He was reflecting concerns expressed by the Dalai Lama recently that the new train enabled numbers of homeless people, the unemployed and prostitutes, to arrive in Lhasa from China, eroding the character of the city and marginalizing its Tibetan residents.

China’s Historic Claim

My tour guide, who will remain nameless for his own safety, had a more charitable view.

“Many of the 2,000 Chinese who arrive by train every day come from Sichuan Province, one of the most populated areas in China, and are only trying to escape poverty. Tibet is a pressure valve for all the unemployed Chinese.

“Tibet may be paying the price for China’s problems, but those problems are not the fault of the people coming to Tibet to make a living. But our culture has been packaged for tourism. Business is booming, but we Tibetans do not benefit.”

Shopping for souvenirs in the “Bokhara” at the heart of old Lhasa, I noticed most goods on sale were made in Beijing or Nepal.

My guide conceded that the railroad and new roads to remote mountain areas gave pilgrims a better chance to visit Lhasa, but he quickly noted that the illiteracy rate remains four times that of neighboring Sichuan province and there are fewer vocational schools per capita than in the rest of China.

The Chinese consider Tibet to be a part of China, in their view as much as Texas is to the United States.

But the history of the Chinese state is complex. The non-Chinese territories that now make up the western third of the nation – the deserts of Muslim Xinjiang and the plateau of Tibet – were not conquered by Chinese, but by the Mongol empire that swept across China in the 13th Century.

The Ming Dynasty took little interest in Tibet. However, when the Manchus conquered China in 1644, they too brought Tibet under Beijing’s rule. When the Manchu dynasty was overthrown in 1911, Tibet experienced independence for the next 40 years.

When the Communists took power in 1949, they invaded Tibet claiming “what was once ours is ours forever.”

So, there is about as much chance that Beijing would consider independence for Tibet as Washington would sanction independence for Texas. Even the Dalai Lama does not insist on independence.

Mystique in the West

“Through all ages Tibet has held a paramount position among those regions of the world which have been popularly invested with a veil of mystery because they are inaccessible and unknown,” wrote Sir Thomas Holdrich in 1906.

This infatuation with Tibet in the West puzzles the Chinese. Jiang Zemin, when he ruled China, complained that he could not understand why the West, where education in science and technology has developed to a high level, could have any truck with backward and superstitious Tibet.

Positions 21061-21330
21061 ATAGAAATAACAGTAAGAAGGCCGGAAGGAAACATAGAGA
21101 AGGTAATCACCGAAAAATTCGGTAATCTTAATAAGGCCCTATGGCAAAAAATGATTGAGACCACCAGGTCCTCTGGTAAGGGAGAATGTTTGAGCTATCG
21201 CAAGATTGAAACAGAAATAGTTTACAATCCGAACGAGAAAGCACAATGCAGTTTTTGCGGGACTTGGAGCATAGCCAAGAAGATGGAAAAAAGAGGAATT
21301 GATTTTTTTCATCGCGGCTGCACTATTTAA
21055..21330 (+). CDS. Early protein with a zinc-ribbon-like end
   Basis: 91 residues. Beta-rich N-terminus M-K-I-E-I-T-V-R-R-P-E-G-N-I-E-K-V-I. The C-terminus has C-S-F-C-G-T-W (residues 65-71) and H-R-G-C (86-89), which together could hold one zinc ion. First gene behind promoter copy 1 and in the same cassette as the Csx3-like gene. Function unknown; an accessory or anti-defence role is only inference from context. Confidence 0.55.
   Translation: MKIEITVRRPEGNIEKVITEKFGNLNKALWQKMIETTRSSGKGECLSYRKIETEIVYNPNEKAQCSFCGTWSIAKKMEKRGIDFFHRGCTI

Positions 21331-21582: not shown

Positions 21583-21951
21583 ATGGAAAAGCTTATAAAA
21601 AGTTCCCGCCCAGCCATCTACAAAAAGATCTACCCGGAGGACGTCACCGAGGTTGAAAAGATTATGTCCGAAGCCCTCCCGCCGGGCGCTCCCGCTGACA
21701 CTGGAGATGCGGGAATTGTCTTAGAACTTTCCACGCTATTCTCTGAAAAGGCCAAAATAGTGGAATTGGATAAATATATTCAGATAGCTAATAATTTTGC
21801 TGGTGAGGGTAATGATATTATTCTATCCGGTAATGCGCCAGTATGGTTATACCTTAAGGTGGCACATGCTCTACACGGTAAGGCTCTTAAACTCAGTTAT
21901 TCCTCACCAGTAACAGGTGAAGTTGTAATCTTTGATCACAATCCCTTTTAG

Orville Schell, former Dean of Journalism at Berkeley, in his brilliant book Virtual Tibet, explains why the West is enamored of Tibet: “It was the dream of Shangri-La itself that was at stake. For many Westerners who had allowed themselves to dream the dream of Tibet, Chinese rule represented a paradise lost.”

Schell’s book traces the power of the Tibetan myth, the books, the movies and the Hollywood stars that have taken up the Tibetan cause.

“When James Hilton’s 1933 novel, Lost Horizon, was released as a film in 1937, it was the apotheosis of Tibet as fantasy realm. With it, the notion of that land as the paradisiacal Shangri-La entered both the imagination and the vocabulary of Western popular culture, becoming one of the most powerful utopian metaphors of our time.”

Interviewing a Tibetan monk who had been an extra in the film “Seven Years in Tibet” starring Brad Pitt, Schell was told:

“This movie portrays what used to be. Then, people might have been poor and dressed in skins and rags, but they were proud and happy. But now this old Tibet is completely lost, except for here on these sets. Under the Chinese, maybe some Tibetans have electricity and cars, but they have lost their dignity and identity.”

Dalai Lama

The Dalai Lama, Tenzin Gyatso, 72, now considered to be in his 14th reincarnation, perpetuates the iconic image of Tibet through a careful combination of spirituality and political acumen. He keeps the dream alive.

And the more the Chinese denounce him, call him a “splittist,” and the more they chastise countries, such as Germany and the United States, for honoring him, the more they empower him.

The Dalai Lama’s criticism of China’s actions in Tibet continues to be tempered by his insistence that opposition must be non-violent. His appeal that the Tibetan struggle be peaceful contributed to his winning the Nobel Peace Prize in 1989.